Gungor.

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I bought tickets for the Gungor show months ago, knowing it would be a good thing, something life giving although I had no expectations over what that would look like. Gungor has been in my iTunes playlist for over a decade now and they have become The Wife and I’s kind of people and as I listened to their recent work in anticipation of the show, my heart echoed their anthems of, “We are stronger together…” and “Tear down the walls that divide us, Let love rebuild and unite us.” When the shit hit the fan weeks ago, I still knew that going to the Gungor show could be a good thing as it was in all simplicity a night of music which has always been some healing balm to my soul.

I also knew I would meet God there. I just knew it.

I’ve had an emptiness, an absence of faith. There’s a hole there and I can’t tell yet if it’s me closing that door or if I’ve been abandoned as the wounds are still to raw and my heart is reeling of pain and loss and grief. I can’t sing the words to songs of praise. I can’t read scripture – I physically can’t because of the emptiness. Still I find myself drawn to worship, drawn to songs of simple expression.

You don’t give Your heart in pieces. You don’t hide yourself to tease us.” I don’t believe it yet I can’t stop listening to it.

You turn the bitter into sweet. You turn the winter into spring.” It’s as though subconsciously I’m hoping the truths in these anthems will be mine too. That my heart would be open again.

I just don’t know my way back.

 

I went to see Gungor with The Wife and our pastor last Saturday. It was one of the most aesthetically pleasing shows I’ve been to in a long time with an apparent emphasis placed on art and storytelling and the beauty of the music. And this show, this space was healing on several levels. On the surface, it was the first place (outside of our church home) centered on faith-based ideology where I felt comfortable to hold The Wife’s hands as my lips spoke words of praise. It was another act of reconciliation, of expressing who God has made me to be, with His people..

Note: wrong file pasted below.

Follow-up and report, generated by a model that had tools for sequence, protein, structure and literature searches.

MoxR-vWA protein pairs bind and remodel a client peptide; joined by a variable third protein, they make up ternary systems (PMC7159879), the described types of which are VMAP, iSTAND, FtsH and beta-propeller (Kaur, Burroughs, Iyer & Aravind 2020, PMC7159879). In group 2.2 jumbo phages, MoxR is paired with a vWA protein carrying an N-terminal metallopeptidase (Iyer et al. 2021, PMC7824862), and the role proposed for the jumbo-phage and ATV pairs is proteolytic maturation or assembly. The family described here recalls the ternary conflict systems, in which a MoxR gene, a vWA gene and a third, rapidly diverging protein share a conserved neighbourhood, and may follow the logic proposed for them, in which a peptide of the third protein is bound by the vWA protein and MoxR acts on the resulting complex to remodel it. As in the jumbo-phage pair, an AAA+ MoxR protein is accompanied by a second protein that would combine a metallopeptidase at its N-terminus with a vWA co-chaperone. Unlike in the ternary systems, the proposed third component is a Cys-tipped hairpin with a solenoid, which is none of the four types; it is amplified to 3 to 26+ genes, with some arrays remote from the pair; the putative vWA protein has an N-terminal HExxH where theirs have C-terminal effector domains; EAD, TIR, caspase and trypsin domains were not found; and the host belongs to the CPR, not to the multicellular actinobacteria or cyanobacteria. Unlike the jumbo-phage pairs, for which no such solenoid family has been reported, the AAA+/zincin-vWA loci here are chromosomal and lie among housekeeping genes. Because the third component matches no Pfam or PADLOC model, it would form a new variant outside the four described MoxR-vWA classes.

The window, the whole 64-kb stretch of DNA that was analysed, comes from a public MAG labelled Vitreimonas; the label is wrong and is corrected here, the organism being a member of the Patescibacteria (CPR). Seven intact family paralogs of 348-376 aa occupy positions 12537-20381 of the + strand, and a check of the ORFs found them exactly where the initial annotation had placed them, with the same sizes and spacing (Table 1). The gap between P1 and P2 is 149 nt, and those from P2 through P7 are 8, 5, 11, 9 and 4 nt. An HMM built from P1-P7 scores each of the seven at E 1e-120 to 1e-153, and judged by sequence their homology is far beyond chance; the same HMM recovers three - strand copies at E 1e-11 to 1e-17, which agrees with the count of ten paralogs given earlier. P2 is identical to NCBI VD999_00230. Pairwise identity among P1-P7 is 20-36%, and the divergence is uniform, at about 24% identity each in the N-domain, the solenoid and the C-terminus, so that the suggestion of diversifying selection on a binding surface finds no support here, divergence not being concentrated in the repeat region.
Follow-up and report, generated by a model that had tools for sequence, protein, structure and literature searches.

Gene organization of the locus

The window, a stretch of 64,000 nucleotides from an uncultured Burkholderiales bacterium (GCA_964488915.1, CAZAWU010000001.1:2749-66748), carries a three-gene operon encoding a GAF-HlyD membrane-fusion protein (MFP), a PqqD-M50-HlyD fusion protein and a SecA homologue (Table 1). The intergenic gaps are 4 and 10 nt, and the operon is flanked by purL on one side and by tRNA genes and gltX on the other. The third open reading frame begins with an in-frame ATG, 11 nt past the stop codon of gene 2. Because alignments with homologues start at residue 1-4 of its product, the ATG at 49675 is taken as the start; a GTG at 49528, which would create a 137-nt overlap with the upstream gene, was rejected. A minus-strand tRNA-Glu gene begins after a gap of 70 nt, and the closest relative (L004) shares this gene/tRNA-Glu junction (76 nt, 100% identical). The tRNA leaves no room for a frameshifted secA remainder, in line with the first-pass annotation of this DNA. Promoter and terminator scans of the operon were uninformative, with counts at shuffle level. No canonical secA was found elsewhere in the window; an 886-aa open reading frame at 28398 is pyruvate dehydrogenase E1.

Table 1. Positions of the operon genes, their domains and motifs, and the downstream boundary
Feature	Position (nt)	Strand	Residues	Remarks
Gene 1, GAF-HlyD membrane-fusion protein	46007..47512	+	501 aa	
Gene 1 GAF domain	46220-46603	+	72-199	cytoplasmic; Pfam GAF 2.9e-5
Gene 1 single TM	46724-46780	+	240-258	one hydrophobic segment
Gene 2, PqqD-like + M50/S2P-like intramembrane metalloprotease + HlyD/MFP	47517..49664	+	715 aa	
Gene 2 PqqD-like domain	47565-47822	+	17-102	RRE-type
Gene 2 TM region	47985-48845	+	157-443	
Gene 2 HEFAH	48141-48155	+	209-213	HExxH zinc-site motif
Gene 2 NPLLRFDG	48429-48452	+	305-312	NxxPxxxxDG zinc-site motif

On another level, I was met with empathy and stories of, “Me, too.” Science Mike spoke of his story of leaving faith years ago in a tender, gentle way. He said something crucial about those who have walked away from their faith – “First off, give them a hug. Next, let them know that this doesn’t change your love for them.” Having grown up in the conservative Christian bubble, I was taught how harmful it is to question, to doubt. Years later having abandoned such theology, and especially today when there are zero fucks given, I have to ask hard questions because my heart is literally broken from the unanswered prayers, unanswered promises.

Michael Gungor shared about the writing of the song, “Vapor” and how it was written in an incredibly dark time in his life. It took him over two years to write all the lyrics because sometimes he wasn’t at a place to confess them yet. To go there. And he realized that in the process of allowing himself time that his fists clenched from pain and loss were slowly beginning to open again, open to the love of God, the promises He speaks of, His truth.

I can’t stop listening to that song. The lyrics declare how the earth proclaims the glory of the Lord and that sometimes holy is the only word that satisfies such magnificence. It’s haunting. I can’t sing along yet. But the words echo in my spirit and I’m tired of these great, mighty and powerful phrases not stirring something within me.

I don’t know what it all means today.

But I know I’m ok with it. I’m ok sitting with it. And for the first time in a while I have a little bit of hope in who God can be to me again. My hands that have been clenched tight are beginning to ease just the tiniest bit. As I continue to allow myself room to cope and heal I can feel things shifting back in to place. My body is resuming it’s natural form, my hormones are coming back to balance. And I feel a little piece of me coming back.

This dance, this love story with my Creator isn’t over yet, I just know it.

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